The U.S. Food and Drug Administration has permitted marketing for the first in vitro diagnostic test for early detection of amyloid plaques associated with Alzheimer’s disease. The Lumipulse G β-Amyloid Ratio test from Fujirebio Diagnostics is intended to be used in adult patients, aged 55 years and older, presenting with cognitive impairment who are being evaluated for Alzheimer’s disease and other causes of cognitive decline.
“The availability of an in vitro diagnostic test that can potentially eliminate the need for time-consuming and expensive PET scans is great news for individuals and families concerned with the possibility of an Alzheimer’s disease diagnosis,” said Jeff Shuren, M.D., J.D., director of the FDA’s Center for Devices and Radiological Health. “With the Lumipulse test, there is a new option that can typically be completed the same day and can give doctors the same information regarding brain amyloid status, without the radiation risk, to help determine if a patient’s cognitive impairment is due to Alzheimer’s disease.”
The Lumipulse test is intended to measure the ratio of β-amyloid 1-42 and β-amyloid 1-40 (specific proteins that can accumulate and form plaques) concentrations found in human cerebral spinal fluid (CSF), which can help physicians determine whether a patient is likely to have amyloid plaques, a hallmark sign of Alzheimer’s disease. Results must be interpreted in conjunction with other patient clinical information.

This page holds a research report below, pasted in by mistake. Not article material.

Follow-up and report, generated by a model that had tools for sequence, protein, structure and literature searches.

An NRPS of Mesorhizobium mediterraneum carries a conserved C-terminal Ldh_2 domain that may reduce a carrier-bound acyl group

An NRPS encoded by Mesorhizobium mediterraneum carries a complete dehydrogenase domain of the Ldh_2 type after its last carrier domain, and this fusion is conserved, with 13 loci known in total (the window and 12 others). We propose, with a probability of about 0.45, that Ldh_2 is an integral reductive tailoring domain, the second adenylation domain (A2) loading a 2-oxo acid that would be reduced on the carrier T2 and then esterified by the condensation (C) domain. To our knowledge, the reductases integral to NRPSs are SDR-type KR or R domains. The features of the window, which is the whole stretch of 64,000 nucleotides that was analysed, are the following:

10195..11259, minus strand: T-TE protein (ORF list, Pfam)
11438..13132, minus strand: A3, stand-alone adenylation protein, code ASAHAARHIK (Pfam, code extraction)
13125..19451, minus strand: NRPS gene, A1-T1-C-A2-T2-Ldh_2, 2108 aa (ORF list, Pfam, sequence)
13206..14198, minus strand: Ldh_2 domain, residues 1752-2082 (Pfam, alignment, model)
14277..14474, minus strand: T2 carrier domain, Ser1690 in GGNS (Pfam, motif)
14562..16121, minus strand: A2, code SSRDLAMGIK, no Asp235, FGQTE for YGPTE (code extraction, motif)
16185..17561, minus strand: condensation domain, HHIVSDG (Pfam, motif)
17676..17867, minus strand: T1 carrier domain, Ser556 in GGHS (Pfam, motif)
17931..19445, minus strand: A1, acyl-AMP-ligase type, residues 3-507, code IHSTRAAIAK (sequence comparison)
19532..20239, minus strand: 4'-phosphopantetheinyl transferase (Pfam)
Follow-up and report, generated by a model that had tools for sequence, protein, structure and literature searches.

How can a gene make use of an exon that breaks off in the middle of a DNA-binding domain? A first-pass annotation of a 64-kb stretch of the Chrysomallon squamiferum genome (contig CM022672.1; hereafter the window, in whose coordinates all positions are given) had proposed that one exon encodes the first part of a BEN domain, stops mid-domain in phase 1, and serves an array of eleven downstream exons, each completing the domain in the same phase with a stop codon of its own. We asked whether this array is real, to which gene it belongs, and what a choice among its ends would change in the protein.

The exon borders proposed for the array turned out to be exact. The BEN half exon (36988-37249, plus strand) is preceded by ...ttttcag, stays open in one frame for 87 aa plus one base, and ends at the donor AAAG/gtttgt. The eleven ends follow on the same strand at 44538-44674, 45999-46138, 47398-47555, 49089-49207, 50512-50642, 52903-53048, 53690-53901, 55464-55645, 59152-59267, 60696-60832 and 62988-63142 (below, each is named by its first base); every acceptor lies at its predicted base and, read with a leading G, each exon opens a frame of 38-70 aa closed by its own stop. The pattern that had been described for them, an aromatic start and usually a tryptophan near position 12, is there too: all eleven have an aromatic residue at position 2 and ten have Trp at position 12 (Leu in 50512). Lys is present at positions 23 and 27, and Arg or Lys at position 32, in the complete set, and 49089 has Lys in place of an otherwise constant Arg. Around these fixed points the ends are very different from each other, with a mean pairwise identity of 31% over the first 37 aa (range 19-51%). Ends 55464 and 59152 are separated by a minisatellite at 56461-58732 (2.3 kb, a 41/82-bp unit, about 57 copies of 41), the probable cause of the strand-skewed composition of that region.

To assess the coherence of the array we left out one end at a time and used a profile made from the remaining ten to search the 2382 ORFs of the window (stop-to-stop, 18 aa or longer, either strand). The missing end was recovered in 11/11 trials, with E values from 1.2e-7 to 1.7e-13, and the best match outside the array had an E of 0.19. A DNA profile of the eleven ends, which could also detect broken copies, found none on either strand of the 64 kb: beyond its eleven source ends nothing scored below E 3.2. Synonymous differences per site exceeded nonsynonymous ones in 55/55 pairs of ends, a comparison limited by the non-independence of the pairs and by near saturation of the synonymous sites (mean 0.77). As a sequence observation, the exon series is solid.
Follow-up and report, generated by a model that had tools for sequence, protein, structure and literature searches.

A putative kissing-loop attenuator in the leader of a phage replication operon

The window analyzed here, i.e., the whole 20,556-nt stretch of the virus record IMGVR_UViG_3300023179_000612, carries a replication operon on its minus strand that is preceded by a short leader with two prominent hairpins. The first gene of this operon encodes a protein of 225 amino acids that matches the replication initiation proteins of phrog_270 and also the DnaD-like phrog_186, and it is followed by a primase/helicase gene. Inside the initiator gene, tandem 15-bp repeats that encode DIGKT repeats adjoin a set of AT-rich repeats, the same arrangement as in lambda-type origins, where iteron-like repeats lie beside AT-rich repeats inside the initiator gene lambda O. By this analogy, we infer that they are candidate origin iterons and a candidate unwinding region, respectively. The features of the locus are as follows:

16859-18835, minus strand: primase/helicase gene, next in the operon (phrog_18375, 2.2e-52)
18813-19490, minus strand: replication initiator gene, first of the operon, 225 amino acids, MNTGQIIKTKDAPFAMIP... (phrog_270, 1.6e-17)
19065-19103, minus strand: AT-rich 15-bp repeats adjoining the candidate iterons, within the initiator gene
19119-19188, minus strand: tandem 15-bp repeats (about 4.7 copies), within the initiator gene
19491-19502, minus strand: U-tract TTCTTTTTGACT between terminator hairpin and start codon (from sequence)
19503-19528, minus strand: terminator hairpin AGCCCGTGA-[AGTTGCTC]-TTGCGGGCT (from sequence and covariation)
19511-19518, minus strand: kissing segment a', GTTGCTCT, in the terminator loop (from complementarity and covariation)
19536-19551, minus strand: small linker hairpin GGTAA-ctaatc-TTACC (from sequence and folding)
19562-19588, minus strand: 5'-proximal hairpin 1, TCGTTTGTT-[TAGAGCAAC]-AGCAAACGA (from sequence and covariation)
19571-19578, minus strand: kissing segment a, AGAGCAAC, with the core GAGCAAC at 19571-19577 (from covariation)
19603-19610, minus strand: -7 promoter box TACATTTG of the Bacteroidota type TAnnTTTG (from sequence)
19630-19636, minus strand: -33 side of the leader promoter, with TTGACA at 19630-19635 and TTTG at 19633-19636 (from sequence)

A positive Lumipulse G β-amyloid Ratio (1-42/1-40) test result is consistent with the presence of amyloid plaques, similar to what would be seen in a PET scan. A negative result is consistent with a negative amyloid PET scan result. A negative test result reduces the likelihood that a patient’s cognitive impairment is due to Alzheimer’s disease, enabling physicians to pursue other causes of cognitive decline and dementia. The test is not intended as a screening or stand-alone diagnostic assay. There is also the possibility that a positive test result could be seen in patients with other types of neurologic conditions, as well as in older cognitively healthy people, which underscores the importance of using this test in conjunction with other clinical evaluations.